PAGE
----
Drinking coffee linked to better survival in colorectal cancer patients, Dana Farber research shows

Getting a daily coffee fix could provide more than just a caffeine boost — it has been linked to better survival and lower risk of disease progression in metastatic colorectal cancer patients, new research from Dana-Farber Cancer Institute shows.

“Diet and lifestyle factors are strongly linked to both the risk of developing colorectal cancer as well as survival,” said Dr. Kimmie Ng, director of the Young-Onset Colorectal Cancer Center at Dana-Farber Cancer Institute.

Ng and her colleagues found that in a large group of patients with metastatic colorectal cancer, drinking a few cups of coffee a day — decaf or regular — was associated with longer survival and a lower risk of the cancer worsening.

“We were excited, actually, to see the results, and it does seem to show a dose response effect,” said Ng, meaning the more coffee consumed, upwards of more than four cups, the greater impact on survival.

In more than 1,000 patients treated for metastatic colorectal cancer, those who reported drinking two to three cups of coffee a day were likely to live longer overall, and had a longer time before their disease worsened, than those who didn’t drink coffee, according to the study published in JAMA Oncology.

The findings fall in line with earlier studies showing a connection between regular coffee consumption and improved outcomes in patients with non-metastatic colorectal cancer.

The new study drew on data from a Phase 3 clinical trial comparing the addition of certain drugs to standard chemotherapy in patients with previously untreated, locally advanced or metastatic colorectal cancer.

As part of the trial, participants reported their dietary intake, including coffee consumption, on a questionnaire at the time of enrollment.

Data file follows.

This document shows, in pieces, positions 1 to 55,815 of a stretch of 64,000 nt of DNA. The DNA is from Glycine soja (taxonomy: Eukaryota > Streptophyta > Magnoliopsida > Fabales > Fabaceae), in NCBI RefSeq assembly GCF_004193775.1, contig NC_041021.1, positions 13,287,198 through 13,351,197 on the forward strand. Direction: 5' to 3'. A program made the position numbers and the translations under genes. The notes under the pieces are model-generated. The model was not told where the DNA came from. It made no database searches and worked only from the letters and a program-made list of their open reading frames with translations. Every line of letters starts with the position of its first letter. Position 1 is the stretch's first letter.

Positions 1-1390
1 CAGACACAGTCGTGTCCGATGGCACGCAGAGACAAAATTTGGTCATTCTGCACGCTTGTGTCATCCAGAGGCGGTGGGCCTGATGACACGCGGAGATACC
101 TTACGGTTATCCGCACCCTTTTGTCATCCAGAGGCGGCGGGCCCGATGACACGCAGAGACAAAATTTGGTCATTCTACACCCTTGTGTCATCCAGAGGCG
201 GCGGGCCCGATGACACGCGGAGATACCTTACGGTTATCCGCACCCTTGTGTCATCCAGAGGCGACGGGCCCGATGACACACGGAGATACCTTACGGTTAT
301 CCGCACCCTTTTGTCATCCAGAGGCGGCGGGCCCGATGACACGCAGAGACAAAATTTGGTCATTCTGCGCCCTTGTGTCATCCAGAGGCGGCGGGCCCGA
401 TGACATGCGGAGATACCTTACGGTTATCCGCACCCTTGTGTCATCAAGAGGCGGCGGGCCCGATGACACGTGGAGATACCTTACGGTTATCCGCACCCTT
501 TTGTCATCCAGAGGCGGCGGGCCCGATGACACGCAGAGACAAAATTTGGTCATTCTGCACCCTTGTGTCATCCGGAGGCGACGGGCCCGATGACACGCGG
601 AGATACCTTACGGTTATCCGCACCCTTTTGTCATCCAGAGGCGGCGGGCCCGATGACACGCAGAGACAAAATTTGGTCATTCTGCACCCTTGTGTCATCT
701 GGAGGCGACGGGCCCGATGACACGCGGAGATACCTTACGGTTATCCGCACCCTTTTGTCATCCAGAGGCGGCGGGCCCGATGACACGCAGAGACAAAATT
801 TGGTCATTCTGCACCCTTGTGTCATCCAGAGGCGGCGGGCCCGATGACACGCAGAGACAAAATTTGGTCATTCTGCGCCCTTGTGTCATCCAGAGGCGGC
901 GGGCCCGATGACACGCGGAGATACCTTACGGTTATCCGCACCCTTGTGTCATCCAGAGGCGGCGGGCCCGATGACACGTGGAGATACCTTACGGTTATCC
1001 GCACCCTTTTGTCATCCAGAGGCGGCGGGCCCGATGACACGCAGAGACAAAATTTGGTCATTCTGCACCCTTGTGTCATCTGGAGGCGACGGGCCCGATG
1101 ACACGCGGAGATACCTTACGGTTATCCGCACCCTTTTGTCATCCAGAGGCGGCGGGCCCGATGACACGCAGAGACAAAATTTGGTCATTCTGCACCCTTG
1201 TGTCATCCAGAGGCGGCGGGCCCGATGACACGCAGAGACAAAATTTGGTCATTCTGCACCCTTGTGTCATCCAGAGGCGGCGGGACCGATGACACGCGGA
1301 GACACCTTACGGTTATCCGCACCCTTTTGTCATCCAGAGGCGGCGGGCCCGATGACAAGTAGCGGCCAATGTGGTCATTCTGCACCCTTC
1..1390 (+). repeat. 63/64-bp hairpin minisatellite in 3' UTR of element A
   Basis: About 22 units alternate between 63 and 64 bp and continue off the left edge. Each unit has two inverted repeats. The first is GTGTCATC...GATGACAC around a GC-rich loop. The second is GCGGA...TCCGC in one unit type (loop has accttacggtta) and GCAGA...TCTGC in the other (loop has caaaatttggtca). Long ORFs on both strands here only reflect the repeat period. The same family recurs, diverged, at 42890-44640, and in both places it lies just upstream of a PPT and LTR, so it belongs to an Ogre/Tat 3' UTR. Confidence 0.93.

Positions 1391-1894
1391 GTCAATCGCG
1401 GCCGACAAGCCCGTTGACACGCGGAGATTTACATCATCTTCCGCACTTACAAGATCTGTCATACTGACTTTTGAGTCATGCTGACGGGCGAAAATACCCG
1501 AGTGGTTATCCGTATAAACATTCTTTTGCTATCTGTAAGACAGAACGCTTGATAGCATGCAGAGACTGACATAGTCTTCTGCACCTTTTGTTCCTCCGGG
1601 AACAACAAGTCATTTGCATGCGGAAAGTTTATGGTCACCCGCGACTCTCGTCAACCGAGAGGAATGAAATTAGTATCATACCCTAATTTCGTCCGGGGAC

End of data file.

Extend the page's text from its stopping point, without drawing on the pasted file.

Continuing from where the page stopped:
Ng said coffee has antioxidants along with anti-inflammatory and anti-cancer properties.

The study results are encouraging, but don’t yet provide sufficient evidence to recommend coffee consumption to people with advanced or metastatic colorectal cancer, Ng said.

“I will be telling my patients that if they are already coffee drinkers, our study can reassure them that it is not harmful and it might be beneficial,” Ng said.

Ng said coffee also has the potential to help other patients, “I do think that other people are looking at the benefits of coffee for a variety of different diseases including cancer, cardiovascular disease and including diabetes.”

In 2020, there will be an estimated 104,610 new cases of colon cancer and 43,340 cases of rectal cancer diagnosed
in the United States, and an estimated 53,200 will die from the disease, according to the American Cancer Society.

The risk of getting the cancer is 1 in 23 for men and 1 in 25 for women.

Screening for colorectal cancer is an excellent and important prevention tool that that adults ages 45 years and older should undergo.



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